Senate committee backs Stephen Hahn as the next FDA commissioner
A Senate committee handily voted in favor of confirming MD Anderson’s Stephen Hahn as the next official FDA commissioner, succeeding the inimitable Scott Gottlieb. And he was whisked through the 18-5 vote on the back of some tardy praise from a host of healthcare groups — including quite a few that initially supported acting commissioner Ned Sharpless for the job.
In the end, the outcome of the vote Tuesday morning wasn’t really in question, especially considering the lukewarm opposition he faced during his job interview during the Senate hearing on the nomination.
Forty institutions — including Friends of Cancer Research, National Organization for Rare Disorders (NORD) and the National Patient Advocate Foundation — wrote to the HELP committee backing Hahn’s nomination.
When Sharpless was the favorite, endorsements were not in short supply. Gottlieb made it abundantly clear on Twitter that the interim chief was his pick, while other former FDA leaders and patient advocacy nonprofits — including Robert Califf and Margaret Hamburg as well as Friends of Cancer Research, the National Brain Tumor Society and the Leukemia and Lymphoma Society — also declared their support.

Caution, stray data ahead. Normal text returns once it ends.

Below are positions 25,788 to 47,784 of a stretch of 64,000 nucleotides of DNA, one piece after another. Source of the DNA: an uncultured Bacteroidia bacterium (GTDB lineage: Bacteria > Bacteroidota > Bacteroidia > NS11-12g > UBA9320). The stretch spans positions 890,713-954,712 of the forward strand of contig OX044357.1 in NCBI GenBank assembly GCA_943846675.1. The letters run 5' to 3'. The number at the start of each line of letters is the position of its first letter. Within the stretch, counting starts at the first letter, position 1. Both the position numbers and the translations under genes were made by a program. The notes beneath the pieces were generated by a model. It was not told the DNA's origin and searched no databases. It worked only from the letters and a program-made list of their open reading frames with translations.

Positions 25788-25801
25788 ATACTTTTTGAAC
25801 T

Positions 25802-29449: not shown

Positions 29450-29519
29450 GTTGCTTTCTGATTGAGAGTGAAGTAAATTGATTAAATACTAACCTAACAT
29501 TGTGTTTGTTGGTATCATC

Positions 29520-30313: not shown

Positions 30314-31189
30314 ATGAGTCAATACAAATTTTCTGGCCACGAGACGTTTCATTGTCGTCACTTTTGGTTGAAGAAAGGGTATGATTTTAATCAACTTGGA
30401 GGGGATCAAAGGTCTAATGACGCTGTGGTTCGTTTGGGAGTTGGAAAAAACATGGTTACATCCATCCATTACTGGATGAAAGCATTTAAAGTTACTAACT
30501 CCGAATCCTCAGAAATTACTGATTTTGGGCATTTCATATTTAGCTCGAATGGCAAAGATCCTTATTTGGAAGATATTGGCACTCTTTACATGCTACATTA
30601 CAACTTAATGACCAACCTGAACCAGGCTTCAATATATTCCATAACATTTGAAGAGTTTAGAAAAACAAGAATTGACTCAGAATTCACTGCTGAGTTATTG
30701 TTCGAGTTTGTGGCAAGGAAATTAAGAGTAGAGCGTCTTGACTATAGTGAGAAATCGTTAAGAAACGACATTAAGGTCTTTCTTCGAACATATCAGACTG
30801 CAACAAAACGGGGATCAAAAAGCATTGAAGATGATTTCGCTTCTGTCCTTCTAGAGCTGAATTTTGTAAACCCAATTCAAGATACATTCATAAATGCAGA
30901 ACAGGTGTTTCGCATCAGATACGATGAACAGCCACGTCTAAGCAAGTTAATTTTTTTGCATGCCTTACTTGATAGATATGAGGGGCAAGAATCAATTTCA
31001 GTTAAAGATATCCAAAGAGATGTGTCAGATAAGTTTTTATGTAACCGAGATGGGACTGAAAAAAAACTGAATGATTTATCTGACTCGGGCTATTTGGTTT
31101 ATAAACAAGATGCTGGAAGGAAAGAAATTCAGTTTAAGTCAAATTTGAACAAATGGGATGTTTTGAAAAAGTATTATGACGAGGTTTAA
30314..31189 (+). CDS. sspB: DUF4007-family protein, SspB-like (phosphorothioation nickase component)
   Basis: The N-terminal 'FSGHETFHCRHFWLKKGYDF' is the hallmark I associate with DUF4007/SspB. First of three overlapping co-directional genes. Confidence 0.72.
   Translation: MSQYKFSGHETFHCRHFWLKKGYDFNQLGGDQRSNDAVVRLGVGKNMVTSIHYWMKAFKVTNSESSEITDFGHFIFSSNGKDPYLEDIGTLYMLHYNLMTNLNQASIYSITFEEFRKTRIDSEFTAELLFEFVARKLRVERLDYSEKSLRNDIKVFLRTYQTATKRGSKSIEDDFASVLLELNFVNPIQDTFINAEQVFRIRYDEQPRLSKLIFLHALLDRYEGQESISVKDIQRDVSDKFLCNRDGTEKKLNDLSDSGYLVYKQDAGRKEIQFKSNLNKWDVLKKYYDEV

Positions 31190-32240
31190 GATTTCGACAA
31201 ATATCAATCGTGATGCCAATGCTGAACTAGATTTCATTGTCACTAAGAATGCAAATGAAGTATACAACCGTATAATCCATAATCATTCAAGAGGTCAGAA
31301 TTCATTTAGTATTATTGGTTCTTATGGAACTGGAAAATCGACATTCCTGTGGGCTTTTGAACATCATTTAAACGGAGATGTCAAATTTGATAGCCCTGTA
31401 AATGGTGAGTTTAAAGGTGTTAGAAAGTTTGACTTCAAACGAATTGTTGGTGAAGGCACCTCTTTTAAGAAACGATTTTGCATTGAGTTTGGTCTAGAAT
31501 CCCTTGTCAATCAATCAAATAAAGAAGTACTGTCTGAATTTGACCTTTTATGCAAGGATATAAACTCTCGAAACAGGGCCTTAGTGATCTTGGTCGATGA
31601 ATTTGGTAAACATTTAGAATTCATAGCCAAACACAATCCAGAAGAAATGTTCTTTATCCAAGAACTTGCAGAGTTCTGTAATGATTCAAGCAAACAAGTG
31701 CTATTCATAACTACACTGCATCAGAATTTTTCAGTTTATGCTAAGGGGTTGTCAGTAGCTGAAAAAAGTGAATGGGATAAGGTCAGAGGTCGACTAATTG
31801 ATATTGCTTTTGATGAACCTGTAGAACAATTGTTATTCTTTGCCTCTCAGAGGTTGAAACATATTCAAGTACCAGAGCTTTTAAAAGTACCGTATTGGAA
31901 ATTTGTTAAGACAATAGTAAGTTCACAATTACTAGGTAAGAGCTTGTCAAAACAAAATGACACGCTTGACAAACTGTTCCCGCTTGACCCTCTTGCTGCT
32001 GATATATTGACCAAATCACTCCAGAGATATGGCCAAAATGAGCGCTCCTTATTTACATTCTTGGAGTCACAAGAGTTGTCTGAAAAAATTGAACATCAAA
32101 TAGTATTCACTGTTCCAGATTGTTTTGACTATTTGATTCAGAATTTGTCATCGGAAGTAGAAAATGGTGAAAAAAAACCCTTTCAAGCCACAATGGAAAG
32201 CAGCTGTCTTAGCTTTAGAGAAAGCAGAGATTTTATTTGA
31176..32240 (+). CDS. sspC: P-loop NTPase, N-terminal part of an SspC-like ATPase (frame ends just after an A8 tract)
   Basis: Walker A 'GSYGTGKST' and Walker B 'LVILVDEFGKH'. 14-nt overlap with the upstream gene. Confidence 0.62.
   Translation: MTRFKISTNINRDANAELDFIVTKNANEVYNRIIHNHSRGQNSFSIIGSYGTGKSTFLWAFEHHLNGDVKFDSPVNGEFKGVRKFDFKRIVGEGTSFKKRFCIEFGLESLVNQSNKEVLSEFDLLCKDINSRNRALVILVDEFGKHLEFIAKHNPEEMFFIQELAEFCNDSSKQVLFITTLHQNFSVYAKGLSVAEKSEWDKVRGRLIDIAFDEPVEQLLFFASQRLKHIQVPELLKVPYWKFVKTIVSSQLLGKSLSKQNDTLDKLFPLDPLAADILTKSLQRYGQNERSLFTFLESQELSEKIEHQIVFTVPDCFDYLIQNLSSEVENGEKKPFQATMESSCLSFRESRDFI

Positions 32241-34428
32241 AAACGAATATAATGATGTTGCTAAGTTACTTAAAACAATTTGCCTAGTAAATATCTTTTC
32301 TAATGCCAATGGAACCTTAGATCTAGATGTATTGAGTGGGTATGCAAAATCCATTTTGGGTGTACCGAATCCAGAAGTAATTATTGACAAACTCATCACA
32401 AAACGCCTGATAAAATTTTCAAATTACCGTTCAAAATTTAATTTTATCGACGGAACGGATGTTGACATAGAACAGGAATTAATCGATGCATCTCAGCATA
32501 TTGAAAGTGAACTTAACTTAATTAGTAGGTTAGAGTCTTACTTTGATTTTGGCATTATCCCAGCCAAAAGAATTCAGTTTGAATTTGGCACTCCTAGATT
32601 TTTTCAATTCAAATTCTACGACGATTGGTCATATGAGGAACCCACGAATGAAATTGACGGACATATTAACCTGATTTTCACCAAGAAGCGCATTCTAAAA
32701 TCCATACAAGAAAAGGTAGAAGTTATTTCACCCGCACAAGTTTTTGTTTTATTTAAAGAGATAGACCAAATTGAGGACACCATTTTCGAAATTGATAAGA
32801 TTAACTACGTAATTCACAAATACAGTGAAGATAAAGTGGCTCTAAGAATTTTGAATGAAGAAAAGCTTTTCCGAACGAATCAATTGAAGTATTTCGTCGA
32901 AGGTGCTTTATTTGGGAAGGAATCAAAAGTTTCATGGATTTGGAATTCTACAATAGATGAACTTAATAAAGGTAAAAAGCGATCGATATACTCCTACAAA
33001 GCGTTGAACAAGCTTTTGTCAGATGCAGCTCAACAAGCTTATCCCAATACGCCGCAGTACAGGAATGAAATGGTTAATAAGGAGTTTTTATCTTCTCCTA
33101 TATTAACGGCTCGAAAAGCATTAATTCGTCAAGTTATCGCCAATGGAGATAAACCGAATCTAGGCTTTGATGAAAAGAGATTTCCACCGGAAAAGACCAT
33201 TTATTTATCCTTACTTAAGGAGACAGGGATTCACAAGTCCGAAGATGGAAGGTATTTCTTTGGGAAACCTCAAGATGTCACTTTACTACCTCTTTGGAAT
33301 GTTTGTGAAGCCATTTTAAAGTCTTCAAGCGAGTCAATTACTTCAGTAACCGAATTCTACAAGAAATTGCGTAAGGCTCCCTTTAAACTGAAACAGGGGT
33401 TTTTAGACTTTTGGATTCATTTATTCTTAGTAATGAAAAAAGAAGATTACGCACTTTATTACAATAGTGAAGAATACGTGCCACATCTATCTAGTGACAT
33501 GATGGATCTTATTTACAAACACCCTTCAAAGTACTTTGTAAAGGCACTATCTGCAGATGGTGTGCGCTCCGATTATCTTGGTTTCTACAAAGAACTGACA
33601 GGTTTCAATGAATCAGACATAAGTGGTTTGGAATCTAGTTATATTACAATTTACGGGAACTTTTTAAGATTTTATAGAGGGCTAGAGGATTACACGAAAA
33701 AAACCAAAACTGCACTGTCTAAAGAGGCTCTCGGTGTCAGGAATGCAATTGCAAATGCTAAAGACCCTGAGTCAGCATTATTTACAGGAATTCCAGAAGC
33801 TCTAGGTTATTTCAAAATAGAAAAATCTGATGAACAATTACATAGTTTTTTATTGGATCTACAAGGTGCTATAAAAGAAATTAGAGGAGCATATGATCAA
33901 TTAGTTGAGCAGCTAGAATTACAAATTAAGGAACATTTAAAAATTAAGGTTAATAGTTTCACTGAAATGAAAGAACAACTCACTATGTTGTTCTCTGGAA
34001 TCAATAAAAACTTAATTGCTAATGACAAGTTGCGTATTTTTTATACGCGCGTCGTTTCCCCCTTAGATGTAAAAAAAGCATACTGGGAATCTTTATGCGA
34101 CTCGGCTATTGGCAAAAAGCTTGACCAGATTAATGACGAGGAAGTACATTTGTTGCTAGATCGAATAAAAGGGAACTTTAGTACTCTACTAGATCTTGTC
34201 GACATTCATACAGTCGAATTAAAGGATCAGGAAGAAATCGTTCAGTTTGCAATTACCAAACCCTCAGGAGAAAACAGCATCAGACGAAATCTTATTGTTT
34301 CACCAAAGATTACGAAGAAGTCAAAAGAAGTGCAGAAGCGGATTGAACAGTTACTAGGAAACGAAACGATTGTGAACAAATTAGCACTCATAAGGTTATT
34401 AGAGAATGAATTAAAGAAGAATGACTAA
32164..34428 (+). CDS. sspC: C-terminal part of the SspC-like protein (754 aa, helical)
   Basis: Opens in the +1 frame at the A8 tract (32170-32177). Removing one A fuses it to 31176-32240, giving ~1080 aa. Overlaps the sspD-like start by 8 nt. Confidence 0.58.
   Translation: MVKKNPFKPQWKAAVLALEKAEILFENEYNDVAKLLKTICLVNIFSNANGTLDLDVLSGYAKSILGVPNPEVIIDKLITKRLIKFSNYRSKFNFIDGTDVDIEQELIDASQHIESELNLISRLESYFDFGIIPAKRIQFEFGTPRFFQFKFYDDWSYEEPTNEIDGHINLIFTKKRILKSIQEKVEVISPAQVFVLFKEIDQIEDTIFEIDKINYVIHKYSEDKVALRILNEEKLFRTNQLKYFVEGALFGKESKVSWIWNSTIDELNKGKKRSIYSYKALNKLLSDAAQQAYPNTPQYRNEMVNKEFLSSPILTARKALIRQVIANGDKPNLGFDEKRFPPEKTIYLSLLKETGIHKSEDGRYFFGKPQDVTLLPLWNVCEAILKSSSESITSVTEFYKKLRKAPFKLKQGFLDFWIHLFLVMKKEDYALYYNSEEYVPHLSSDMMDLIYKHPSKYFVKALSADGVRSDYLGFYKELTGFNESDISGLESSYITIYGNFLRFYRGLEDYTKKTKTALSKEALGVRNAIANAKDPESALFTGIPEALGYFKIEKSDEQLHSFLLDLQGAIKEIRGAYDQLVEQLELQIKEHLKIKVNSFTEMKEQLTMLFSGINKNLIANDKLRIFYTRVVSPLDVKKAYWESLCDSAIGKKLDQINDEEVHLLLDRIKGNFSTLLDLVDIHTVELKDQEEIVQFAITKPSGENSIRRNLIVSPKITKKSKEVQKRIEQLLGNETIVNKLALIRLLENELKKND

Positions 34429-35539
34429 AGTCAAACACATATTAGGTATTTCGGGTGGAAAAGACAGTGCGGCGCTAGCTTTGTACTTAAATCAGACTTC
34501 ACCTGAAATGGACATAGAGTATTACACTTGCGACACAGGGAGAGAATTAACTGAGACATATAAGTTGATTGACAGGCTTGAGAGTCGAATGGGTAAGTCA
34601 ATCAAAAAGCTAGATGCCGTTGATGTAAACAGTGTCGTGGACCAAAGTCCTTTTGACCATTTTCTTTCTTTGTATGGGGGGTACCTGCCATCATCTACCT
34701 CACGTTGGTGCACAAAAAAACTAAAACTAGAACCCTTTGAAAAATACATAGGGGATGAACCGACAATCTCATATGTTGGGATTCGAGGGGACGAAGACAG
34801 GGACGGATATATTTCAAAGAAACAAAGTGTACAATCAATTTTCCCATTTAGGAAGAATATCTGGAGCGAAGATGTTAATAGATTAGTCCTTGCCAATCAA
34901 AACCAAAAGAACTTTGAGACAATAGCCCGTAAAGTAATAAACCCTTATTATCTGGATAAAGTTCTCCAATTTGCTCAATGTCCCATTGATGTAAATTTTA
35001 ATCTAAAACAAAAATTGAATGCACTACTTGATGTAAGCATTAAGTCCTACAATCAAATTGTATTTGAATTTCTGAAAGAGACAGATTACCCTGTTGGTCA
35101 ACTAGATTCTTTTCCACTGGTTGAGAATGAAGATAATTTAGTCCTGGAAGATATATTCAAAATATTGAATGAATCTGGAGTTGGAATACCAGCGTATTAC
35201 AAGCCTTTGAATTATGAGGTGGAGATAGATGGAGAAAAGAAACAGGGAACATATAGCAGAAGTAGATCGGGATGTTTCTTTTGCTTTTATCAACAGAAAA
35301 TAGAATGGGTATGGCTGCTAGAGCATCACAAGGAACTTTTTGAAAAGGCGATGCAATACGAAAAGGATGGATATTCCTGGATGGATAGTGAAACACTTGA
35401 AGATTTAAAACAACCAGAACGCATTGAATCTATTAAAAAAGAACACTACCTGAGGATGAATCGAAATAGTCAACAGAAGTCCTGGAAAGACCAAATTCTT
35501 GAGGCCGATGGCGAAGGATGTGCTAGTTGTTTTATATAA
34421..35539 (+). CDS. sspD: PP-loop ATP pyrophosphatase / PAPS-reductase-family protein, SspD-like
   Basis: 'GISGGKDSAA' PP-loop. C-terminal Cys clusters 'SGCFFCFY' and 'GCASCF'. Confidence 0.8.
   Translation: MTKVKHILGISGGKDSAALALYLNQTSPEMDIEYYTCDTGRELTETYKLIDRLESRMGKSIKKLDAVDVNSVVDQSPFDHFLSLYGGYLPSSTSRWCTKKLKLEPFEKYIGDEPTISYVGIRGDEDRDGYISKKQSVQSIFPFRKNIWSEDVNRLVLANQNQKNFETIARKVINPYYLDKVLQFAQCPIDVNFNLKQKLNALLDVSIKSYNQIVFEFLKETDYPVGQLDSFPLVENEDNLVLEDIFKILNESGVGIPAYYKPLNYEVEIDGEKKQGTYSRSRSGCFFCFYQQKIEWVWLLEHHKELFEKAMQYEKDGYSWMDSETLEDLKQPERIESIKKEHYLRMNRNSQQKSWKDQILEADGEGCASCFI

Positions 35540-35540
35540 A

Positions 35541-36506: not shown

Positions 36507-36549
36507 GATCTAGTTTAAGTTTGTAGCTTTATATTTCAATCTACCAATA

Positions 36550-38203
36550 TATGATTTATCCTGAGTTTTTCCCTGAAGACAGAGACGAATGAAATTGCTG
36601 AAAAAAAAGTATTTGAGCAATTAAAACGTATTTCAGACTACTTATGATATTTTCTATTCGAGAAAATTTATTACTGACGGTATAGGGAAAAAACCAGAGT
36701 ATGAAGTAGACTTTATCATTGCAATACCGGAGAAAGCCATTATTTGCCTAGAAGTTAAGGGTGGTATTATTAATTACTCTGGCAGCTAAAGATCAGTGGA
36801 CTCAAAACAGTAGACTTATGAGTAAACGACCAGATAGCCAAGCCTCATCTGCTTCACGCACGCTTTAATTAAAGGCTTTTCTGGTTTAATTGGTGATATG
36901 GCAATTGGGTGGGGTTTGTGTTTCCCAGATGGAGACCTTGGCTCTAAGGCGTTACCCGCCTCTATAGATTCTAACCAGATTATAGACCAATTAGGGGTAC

Hahn currently serves as the chief medical executive of MD Anderson Cancer Center. Under his tenure, the University of Texas research and treatment facility has undergone a major restructuring to cope with the financial crisis of the last decade and Chinese staff scientists have been dismissed, at a time when the Trump administration has made its aversion to the Asian country apparent. The clinician, board-certified in radiation oncology, medical oncology, and internal medicine, has waded into the realm of controversy when the future of MD Anderson has been in question — but at his more than two-hour audition at the Senate last month, a muted Hahn showed up.
He persistently extolled the virtue of “science and data congruent with the law,” but steered clear of taking a stand on the issues that are on top of the health care agenda — from a potential ban on flavored e-cigarettes to importing drugs to address skyrocketing drug prices.